Bean sprouts in a peanut butter jar
The first night in the 100 mile wilderness I ran into a veteran finishing up a section hike of the 100 miles. He was quite the fellow, and talked with me for several hours about his experiences dealing with his PTSD on the trail, living all over the country and creating new ways of growing plants in his hydroponics system back home. It was a wonderful reminder to me of the things that we can learn about our nation if we just take the time to look around us and listen to the life stories of the people right beside us. One of the coolest pieces of wisdom he left me with was his method of getting fresh vegetables on trail; put bean seeds in a peanut butter jar and water them every day. Eventually you will have bean sprouts that you can eat fresh whenever you like.
Alone in the 100 miles
The next few days were quite lonely, I will admit. Although I had summited on the 27th with a few others, never very far off, I spent the next 4 days alone with my thoughts. Every time I turned a corner I was a new person, every time I swam in a new pond, lake or river (which I did at least once a day), I felt truly free. I realized that so much of my life since I was 12 years old was consumed by getting good grades and trying to be smarter than everyone around me. In reality, I have found so much happiness is being able to just exist and enjoy the simple beauties of nature. To help you understand how I spent these days alone, I have compiled a list of quaint observations about the world that have made me smile over the last week.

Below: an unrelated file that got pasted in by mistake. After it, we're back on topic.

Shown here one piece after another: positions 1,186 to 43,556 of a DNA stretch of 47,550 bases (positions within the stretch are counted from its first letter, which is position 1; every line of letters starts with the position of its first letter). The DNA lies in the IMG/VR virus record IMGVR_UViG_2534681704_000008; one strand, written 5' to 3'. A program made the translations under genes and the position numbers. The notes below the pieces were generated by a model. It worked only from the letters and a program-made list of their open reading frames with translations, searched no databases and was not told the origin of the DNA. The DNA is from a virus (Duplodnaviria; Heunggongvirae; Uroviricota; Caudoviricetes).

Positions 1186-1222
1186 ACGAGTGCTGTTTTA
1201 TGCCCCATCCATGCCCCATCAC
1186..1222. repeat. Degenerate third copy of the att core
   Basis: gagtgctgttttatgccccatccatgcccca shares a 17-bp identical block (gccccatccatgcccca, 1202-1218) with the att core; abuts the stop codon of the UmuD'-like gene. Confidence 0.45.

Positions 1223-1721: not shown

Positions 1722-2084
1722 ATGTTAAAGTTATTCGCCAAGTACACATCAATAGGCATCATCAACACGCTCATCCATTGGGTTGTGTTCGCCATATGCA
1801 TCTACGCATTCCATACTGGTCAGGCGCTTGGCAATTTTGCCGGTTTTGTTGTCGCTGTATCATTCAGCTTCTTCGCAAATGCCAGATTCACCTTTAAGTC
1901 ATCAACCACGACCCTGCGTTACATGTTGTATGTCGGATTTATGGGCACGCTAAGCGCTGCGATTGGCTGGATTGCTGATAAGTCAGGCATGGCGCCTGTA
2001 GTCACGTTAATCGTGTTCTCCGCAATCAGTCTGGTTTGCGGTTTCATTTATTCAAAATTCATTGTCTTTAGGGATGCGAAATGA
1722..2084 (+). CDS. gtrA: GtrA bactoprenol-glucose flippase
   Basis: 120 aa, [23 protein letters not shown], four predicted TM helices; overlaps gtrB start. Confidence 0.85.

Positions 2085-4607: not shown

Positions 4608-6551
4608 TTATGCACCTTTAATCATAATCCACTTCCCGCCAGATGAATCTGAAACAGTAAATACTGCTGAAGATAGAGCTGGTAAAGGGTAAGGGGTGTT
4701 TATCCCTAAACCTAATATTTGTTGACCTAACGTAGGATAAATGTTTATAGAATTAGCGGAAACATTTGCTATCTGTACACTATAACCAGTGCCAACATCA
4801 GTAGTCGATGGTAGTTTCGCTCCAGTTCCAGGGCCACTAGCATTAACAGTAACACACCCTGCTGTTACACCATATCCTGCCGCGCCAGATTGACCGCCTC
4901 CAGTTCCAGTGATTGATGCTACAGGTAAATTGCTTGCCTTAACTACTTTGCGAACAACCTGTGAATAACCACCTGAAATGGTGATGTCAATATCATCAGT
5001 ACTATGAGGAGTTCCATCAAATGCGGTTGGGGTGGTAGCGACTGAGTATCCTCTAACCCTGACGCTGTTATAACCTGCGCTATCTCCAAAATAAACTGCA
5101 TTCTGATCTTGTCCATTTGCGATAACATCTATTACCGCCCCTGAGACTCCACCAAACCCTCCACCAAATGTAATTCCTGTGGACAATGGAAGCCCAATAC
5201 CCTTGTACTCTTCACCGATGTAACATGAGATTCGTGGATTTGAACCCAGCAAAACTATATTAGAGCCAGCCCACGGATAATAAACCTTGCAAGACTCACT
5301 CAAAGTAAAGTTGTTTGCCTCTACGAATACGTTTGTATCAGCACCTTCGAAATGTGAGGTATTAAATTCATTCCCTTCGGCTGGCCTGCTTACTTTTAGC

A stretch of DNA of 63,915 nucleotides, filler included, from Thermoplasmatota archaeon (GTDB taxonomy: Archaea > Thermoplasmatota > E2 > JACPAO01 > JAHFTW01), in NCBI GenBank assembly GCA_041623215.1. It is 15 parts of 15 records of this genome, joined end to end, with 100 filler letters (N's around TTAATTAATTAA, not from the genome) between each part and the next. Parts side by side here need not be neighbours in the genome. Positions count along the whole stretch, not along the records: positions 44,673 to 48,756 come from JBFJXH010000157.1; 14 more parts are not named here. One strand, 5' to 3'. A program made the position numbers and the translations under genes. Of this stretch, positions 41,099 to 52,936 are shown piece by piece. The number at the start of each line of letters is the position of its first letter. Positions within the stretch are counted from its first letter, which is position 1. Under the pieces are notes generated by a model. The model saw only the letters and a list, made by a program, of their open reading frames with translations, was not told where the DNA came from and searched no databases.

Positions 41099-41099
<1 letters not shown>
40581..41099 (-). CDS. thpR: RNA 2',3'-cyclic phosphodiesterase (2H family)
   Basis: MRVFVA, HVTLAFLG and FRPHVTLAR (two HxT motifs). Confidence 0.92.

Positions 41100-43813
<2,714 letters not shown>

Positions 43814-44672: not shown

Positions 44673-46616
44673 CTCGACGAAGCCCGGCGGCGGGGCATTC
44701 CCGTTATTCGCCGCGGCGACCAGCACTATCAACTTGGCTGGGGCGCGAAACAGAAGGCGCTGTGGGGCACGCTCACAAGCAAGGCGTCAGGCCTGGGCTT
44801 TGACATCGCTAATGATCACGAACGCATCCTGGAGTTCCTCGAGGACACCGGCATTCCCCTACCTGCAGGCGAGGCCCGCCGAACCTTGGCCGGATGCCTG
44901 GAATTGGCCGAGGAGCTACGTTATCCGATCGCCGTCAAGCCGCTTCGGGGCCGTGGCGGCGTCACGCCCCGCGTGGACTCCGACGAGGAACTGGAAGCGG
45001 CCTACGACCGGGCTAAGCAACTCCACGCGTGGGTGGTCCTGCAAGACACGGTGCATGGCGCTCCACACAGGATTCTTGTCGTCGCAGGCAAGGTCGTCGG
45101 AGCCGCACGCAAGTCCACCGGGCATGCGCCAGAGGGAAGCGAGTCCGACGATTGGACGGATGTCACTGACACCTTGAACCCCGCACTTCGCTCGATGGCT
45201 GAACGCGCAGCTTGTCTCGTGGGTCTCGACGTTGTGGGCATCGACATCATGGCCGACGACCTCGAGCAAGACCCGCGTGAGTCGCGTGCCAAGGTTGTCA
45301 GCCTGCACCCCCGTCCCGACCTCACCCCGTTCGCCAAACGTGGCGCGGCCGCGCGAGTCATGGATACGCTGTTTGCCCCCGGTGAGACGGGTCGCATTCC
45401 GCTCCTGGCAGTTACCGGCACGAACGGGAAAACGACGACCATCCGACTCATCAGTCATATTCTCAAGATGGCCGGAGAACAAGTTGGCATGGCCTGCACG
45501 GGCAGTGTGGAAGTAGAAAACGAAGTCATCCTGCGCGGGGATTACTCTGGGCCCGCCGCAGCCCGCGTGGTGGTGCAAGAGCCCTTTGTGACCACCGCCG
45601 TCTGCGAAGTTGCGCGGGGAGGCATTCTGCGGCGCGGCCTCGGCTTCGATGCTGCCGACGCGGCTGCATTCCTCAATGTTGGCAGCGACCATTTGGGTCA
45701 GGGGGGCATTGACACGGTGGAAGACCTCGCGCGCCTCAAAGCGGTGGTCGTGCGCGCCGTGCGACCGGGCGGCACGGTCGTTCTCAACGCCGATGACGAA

- The squirrels here in Maine are very small and red and have a vague black stripe on their sides.
- All over Maine are these tiny silver moths that burst into flight in large numbers wherever you take a step (especially in the early hours of the morning), giving the feeling of being surrounded at all times by little fairies.
- There are what appear to be fresh water crawfish, oysters and mussels in the lakes here in Maine
- The frogs differ in color depending on the type of trees they live near. Frogs that live around pine trees tend to be brown to blend in with the layer of dead pine needles that blankets the ground.
- I have found several blue feathers. My best guess is that they are the feathers of black-throated blue warblers, per a log book entry by a NOBO named birdog
- when you are the first to step on to trail in the morning, the first thing you feel are all the little spiderwebs that have formed overnight breaking as you push through them. It can be a bit unsettling, but when it rains in the morning the webs become coated in dew and sparkle as the sun rises.
- You can tell when a blaze (the painted markers that guide the trail) is really old when the tree has grown for long enough to expand the bark and make the blaze stretch out.
- After it rains, the rivers are often covered in a layer of mist that hangs like fairy dust and shimmers in the sun
I do not wish to bore you with the details of my daily miles and routine. I typically hike somewhere between 11 and 20 miles a day. I eat when I am hungry, smile when I am happy and sleep when I am tired. I spend my evenings swapping stories with other hikers and musing about life and the universe. It is a simple way to live, but it has made me the happiest I have been in a long time. The trees can teach you a lot about having patience with pain and there is nothing quite like the feeling of the wind coursing through your veins after a long climb.
I am sending all my love to my family and friends. I miss you all and I can’t wait to talk your ears off with stories from the trail when I return.